Соматические симптомы, воспринимаемый стресс и профилактическое поведение в период пандемии COVID-19
Summary. Numerous studies of the COVID-19 effects on mental health have documented increases in anxiety and depressive symptoms, panic and adjustment disorders, suicidal ideation and suicide attempts, somatic and psychological distress, feelings of loneliness, and alcohol use problems . These findings suggest the need for further examination of the COVID-19 effects on mental health and adherence to preventive behavior regarding the risks of SARS-CoV-2 infection.
Objective. The aim of this study was to examine the prevalence and relationship between somatic symptoms, perceived stress, and preventive behavior during the COVID-19 pandemic in Russia.
Material and Methods. The participants were 1,987 volunteers who were recruited with the help of Anketolog, an empirical data collection company in Russia. All respondents completed a questionnaire with a sociodemographic form and Russian versions of the Somatic Symptom Scale-8, Perceived Stress Scale-10, and COVID-19 Preventive Behavior Index.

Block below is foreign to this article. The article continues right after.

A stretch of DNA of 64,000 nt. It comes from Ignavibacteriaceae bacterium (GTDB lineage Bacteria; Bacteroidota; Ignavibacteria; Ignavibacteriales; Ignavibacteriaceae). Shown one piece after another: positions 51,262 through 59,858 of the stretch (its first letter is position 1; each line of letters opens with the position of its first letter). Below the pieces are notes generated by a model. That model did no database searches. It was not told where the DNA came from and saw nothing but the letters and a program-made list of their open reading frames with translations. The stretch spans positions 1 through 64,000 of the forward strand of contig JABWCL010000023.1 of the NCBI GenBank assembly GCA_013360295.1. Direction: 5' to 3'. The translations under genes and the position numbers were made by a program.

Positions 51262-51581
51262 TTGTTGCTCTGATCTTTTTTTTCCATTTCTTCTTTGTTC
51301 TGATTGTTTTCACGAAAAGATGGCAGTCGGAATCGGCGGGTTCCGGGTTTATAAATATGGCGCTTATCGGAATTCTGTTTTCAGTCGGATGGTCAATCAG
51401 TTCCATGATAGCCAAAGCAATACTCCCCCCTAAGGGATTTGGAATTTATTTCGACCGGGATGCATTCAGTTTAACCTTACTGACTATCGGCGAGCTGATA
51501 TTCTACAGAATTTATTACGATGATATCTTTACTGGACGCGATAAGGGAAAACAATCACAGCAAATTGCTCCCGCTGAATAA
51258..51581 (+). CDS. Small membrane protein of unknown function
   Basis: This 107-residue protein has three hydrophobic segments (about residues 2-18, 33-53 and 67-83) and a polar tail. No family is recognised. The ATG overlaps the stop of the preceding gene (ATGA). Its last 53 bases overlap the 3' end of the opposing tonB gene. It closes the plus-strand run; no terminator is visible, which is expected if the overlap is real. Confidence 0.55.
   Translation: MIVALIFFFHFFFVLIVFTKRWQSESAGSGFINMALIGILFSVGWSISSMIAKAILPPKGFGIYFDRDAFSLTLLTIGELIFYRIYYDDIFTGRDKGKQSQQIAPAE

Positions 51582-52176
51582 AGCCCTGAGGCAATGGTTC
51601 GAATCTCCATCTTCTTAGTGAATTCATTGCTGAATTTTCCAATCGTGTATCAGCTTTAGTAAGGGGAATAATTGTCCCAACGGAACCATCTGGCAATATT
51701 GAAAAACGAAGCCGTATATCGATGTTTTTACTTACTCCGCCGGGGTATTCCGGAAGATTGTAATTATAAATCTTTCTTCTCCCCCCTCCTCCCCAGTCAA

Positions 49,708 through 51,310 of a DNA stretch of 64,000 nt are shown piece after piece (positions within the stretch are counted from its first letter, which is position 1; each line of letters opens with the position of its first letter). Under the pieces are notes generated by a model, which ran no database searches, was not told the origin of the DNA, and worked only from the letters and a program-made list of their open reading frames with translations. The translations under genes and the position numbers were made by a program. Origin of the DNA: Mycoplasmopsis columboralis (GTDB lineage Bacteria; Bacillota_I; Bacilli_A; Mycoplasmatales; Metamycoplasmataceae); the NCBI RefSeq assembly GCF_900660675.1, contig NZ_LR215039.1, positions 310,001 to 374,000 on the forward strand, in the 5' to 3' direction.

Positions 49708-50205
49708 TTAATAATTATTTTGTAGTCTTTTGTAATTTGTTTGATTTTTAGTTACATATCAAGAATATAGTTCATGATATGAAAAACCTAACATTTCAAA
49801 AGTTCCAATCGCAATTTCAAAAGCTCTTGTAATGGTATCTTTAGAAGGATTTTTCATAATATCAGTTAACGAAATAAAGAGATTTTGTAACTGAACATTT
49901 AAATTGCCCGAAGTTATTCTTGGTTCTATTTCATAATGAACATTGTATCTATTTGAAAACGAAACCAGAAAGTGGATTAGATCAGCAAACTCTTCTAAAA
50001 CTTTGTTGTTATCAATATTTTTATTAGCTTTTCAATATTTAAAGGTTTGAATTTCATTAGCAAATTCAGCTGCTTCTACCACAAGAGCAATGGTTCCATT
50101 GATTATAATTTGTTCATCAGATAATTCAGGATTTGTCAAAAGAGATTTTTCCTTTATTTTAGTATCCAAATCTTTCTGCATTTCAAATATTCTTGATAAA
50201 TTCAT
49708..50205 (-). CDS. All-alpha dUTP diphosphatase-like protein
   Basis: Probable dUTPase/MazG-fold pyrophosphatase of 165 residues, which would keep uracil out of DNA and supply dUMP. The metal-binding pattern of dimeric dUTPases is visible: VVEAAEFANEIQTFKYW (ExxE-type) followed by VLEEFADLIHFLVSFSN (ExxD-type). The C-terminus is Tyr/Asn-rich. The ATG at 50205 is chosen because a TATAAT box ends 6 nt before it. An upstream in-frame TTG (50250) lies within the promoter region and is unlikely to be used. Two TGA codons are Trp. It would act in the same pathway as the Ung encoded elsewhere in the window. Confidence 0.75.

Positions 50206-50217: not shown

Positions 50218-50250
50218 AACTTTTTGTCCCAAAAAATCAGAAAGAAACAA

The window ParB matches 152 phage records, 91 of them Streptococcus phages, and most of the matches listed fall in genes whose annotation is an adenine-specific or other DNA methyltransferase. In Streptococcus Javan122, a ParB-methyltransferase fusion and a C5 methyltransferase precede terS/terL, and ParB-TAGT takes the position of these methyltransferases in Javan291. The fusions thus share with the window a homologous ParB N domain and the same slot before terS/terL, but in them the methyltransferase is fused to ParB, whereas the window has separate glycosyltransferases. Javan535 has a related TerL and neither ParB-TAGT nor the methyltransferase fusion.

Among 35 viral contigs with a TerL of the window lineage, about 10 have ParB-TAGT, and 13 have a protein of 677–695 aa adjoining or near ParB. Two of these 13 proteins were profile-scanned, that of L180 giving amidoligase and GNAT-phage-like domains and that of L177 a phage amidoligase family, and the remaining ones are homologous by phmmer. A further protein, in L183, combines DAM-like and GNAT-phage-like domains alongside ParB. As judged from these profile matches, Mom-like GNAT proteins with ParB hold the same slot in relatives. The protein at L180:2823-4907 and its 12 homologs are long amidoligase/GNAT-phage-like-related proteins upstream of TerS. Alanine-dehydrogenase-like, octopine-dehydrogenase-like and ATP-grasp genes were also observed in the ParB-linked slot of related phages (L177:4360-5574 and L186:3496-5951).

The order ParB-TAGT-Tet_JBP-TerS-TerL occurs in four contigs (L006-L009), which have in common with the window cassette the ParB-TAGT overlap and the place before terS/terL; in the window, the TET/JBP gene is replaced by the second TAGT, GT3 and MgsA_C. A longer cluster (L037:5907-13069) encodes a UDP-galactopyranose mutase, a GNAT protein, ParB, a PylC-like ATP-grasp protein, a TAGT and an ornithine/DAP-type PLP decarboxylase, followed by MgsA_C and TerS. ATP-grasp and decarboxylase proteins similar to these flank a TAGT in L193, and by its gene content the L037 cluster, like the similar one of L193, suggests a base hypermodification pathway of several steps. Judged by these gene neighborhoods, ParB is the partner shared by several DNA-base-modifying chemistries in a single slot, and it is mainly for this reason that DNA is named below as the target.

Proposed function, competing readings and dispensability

Results. Results showed that 39.1% of Russians had clinically significant somatic symptoms, 81% of Russians experienced moderate to high perceived stress, and from 46.5% to 84.4% of Russians were willing to follow some form of COVID-19 pandemic preventive behavior. Russians with somatic symptoms experienced more perceived stress than Russians without somatic symptoms, while Russians with higher perceived stress did not differ from Russians with lower perceived stress in frequency and severity of somatic symptoms.
Conclusion. Preventive and psychoeducational interventions can be useful in reducing somatization and perceived stress, maintaining and increasing the adherence of Russians to preventive behavior during the COVID-19 pandemic.